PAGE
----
When cruising town, one may notice the several scattered recycling bins. But what one may not realize is that not all the collected materials end up actually being recycled by the city. That doesn’t mean they don’t serve a purpose.
While the city still recycles aluminum and compost, it hasn’t recycled mixed paper, glass, plastic or cardboard in nearly three years. Instead, these materials are lumped in with the trash at the city landfill.
Public Works Director John Harbarger explained the reason they still collect recyclables like cardboard.
“We’re trying to keep people in the habit so that if we start recycling again, they’re still doing it the right way.”
Harbarger explained that national recycling guidelines have become more specific since the city was last in the habit of recycling everything.
“We can’t use anything with contamination,” he said.
Anything with food residue, for example, is considered contaminated.
Plastic, such as water bottles, can’t be recycled if they still have a cap and ring on it.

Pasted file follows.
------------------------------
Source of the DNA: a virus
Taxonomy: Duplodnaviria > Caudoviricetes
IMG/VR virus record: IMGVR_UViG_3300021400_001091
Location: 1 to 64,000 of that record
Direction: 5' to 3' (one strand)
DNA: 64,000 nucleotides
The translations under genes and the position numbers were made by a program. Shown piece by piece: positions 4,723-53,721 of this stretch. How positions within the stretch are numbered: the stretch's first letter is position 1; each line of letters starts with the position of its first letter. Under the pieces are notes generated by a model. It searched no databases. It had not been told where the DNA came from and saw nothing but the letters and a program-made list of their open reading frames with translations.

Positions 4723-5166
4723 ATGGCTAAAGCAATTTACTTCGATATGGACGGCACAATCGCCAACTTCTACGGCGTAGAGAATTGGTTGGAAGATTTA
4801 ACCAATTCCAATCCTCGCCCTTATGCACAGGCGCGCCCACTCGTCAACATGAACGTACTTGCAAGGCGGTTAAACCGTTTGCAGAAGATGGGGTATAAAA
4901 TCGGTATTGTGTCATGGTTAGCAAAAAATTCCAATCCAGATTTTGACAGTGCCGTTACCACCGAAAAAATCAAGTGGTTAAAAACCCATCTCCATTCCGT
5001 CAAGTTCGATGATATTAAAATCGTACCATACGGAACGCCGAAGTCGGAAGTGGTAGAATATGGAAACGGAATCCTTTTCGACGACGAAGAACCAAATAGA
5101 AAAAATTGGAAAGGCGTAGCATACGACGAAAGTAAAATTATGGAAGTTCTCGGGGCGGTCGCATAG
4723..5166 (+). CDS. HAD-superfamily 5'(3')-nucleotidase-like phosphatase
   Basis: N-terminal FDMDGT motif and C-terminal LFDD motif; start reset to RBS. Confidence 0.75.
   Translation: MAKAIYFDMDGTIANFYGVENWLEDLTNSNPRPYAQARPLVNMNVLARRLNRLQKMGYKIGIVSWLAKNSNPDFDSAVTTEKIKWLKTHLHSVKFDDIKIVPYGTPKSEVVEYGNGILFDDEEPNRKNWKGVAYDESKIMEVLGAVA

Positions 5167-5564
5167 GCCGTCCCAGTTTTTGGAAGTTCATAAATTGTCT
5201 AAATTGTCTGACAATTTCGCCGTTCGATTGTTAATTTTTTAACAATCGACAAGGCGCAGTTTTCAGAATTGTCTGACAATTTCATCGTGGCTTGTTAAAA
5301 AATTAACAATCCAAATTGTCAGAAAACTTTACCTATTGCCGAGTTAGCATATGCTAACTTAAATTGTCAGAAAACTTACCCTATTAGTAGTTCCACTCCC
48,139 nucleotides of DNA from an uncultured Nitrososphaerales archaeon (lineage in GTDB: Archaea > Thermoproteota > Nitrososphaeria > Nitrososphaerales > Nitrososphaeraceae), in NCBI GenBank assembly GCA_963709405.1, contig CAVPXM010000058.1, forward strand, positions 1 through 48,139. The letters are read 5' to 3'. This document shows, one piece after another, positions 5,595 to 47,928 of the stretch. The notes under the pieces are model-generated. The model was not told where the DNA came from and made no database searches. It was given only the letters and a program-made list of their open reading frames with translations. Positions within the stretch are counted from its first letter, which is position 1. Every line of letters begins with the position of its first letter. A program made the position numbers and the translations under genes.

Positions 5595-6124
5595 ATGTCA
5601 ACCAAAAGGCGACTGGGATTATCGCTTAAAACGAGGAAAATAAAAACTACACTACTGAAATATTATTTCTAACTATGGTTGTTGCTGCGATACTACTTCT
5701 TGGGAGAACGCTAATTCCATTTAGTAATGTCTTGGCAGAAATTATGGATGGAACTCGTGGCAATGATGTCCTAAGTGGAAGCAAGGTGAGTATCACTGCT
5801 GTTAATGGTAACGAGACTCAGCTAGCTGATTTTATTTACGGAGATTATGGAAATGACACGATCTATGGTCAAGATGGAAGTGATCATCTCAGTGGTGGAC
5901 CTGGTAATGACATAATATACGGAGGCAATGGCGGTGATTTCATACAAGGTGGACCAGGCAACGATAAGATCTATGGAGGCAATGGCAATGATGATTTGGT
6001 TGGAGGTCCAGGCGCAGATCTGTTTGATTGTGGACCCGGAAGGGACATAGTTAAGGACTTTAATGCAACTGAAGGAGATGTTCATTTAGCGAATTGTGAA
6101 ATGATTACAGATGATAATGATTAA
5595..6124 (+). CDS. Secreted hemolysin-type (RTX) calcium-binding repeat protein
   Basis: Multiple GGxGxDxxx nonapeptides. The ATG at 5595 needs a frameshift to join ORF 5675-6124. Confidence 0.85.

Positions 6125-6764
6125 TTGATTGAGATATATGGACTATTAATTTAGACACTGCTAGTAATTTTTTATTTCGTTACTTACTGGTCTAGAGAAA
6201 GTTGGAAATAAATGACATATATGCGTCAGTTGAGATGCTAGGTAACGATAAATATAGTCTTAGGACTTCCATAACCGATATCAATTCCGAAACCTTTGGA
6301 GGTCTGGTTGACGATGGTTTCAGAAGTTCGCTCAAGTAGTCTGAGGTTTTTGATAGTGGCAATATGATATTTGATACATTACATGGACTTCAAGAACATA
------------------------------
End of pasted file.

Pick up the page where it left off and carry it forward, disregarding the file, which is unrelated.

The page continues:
Landfill Supervisor Alan Gorrell explained that they also wouldn’t be able to recycle thin cardboard like cereal and soda boxes.
The city’s recent online recycling survey was tallied a couple weeks ago, in which 189 votes came in for three different options. The most popular option was to recycle cardboard, aluminum, mixed paper and some plastics with a rate change of $5 a month for residential and $7.50 for businesses. One to two recyclers would also need be hired. This got 105 votes (55%).
The next most popular option was to do away with all recycling, which would create no rate change. This received 57 votes, or 30%.
The least popular option was to only recycle cardboard and aluminum cans with a $3 residential rate increase and $7.50 business increase.
While City Administrator Jonathan Teichert said that while the survey was a good start to gauging the public’s interest in recycling, he doesn’t have much confidence in its statistical viability.
“Voters could’ve been from outside of city limits or somebody could’ve voted on multiple devices,” he said.
Should the city decide to get back in the habit of recycling, they’ll probably partner with Casper, Harbarger said.
However, it won’t be cheap, as the city would need to create one to two recycling positions.
“(If) you’re bringing in $2000 in a month for recyclables, it’ll cost you an employee about five, six thousand dollars a month, that isn’t good business. So that’s why we need to charge,” he said.
Gorrell said if the city opts to recycle again in the future, he’d like to conduct frequent seminars and workshops to teach people updated recycling guidelines.
“I think they probably would (help inform people) if we had a lot more of them,” he said.